Published: Mon, July 09, 2018
Global Media | By Derrick Guzman

North Korea blasts 'regrettable' U.S. 'attitude and 'robber-like' demands

North Korea blasts 'regrettable' U.S. 'attitude and 'robber-like' demands

US Secretary of State Mike Pompeo on Sunday brushed aside North Korea's accusation of "gangster-like" demands, maintaining that his third visit to the country was producing results but vowing that sanctions would remain until Pyongyang follows through on leader Kim Jong Un's pledge to get rid of his nuclear weapons.

Kyodo News reported that a team of North Korean diplomats had been sent to Geneva, Bern and Davos to look at conference halls and hotels as potential venues for its denuclearization talks with the United States.

In Tokyo, Pompeo briefed his Japanese and South Korean counterparts on the talks, and sought to reassure them that the dialogue with North Korea would continue.

"Some places a great deal of progress, other places there's still more work to be done", said Pompeo, according to a pool report from usa reporters who accompanied him to Pyongyang. "Some places a great deal of progress, other places there's still more work to be done".

He said the two sides spent good time discussing denuclearisation timeline and the North's nuclear and missile facilities.

She wouldn't characterize Friday's discussions beyond saying they addressed denuclearization and the repatriation of American remains, saying, "We expect them to live up to their commitments".

"Nothing could be further from the truth", State Department spokesperson Heather Nauert said in response.

Unlike his previous visits, which have been one-day affairs during which he has met with Kim Jong Un, Pompeo spent the night at a government guesthouse in Pyongyang and did not see the North Korean leader, although USA officials had suggested such a meeting was expected.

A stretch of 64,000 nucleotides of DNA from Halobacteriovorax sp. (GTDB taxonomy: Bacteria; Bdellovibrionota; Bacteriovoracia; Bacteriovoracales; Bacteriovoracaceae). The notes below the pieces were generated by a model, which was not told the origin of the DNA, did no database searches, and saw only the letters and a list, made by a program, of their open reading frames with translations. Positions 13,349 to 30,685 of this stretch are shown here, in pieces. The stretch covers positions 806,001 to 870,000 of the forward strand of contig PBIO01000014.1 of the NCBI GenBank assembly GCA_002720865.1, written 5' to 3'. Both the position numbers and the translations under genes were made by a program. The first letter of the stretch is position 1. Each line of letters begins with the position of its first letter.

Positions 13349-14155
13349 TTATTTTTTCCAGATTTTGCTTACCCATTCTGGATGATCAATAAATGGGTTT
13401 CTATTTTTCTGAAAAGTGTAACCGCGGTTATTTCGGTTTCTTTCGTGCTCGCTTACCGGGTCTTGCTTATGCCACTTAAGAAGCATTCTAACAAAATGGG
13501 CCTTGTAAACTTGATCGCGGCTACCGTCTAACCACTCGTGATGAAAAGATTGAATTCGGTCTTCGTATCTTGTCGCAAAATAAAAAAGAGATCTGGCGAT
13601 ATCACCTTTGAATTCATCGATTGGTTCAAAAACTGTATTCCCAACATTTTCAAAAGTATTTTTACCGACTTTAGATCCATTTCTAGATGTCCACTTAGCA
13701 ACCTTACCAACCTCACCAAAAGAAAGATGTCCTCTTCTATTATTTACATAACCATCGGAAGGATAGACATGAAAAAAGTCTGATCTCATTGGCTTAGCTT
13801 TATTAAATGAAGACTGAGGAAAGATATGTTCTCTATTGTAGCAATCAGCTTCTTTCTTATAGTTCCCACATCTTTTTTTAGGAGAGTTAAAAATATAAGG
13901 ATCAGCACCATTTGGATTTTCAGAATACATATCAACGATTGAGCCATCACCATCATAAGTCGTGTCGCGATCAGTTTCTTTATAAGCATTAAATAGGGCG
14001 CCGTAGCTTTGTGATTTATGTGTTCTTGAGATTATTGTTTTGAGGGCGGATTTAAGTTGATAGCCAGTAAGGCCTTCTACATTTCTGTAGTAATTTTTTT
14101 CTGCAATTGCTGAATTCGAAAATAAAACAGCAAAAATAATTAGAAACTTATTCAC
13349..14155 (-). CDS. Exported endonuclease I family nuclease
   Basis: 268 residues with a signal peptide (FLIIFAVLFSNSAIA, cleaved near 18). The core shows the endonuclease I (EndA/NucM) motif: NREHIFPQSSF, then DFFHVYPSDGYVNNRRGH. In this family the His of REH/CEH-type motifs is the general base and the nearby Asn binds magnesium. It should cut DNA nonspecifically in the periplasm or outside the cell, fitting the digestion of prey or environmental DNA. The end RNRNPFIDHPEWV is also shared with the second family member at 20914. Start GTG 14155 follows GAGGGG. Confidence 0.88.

"The U.S. just came out with such unilateral and robber-like denuclearization demands as [complete, verifiable and irreversible denuclearization], declaration and verification that go against the spirit of the North-U.S. summit meeting".

Pompeo, who has now made three visits to Pyongyang, began the outreach when he was still Trump's Central Intelligence Agency director and remained the pointman on negotiations after the process became public and he became secretary of state.

Richard Haass, president of the Council on Foreign Relations, said on Twitter there was a danger military action could be called for because Trump might now claim he had tried diplomacy but was betrayed by Kim.

According to USA media reports, Pompeo did not meet Kim during the visit, unlike his previous trips during which he had met with the DPRK's top leader.

'Our expectations and hopes were so naive it could be called foolish'. Pompeo spoke with Trump, Bolton and White House chief of staff John Kelly on Saturday before his second round of meetings with Kim Yong Chol.

Chosun Ilbo's report was widely shared - perhaps in part because it suggested a lighthearted side to tense denuclearization talks between the United States and North Korea. Trump has declared on Twitter that North Korea no longer poses a nuclear threat.

North Korean and USA officials held a second day of meetings in Pyongyang on Saturday, with both sides saying there several key issues they need to "clarify". "We're in a fight with China", he said.

The North Korean statement contradicted remarks made by U.S. Secretary of State Mike Pompeo, who said just hours after departing North Korea that the two countries had made progress on several key issues. "I am determined to achieve the commitment that President Trump made and I am counting on Chairman Kim to be determined to follow through on the commitment that he made", Pompeo said.

Pompeo said the two sides agreed to hold discussions on July 12 on the repatriation of remains of Americans killed in the 1950-53 Korean War, and also discussed "modalities" for the destruction of a missile engine testing facility.

Pompeo said more talks were needed on both.

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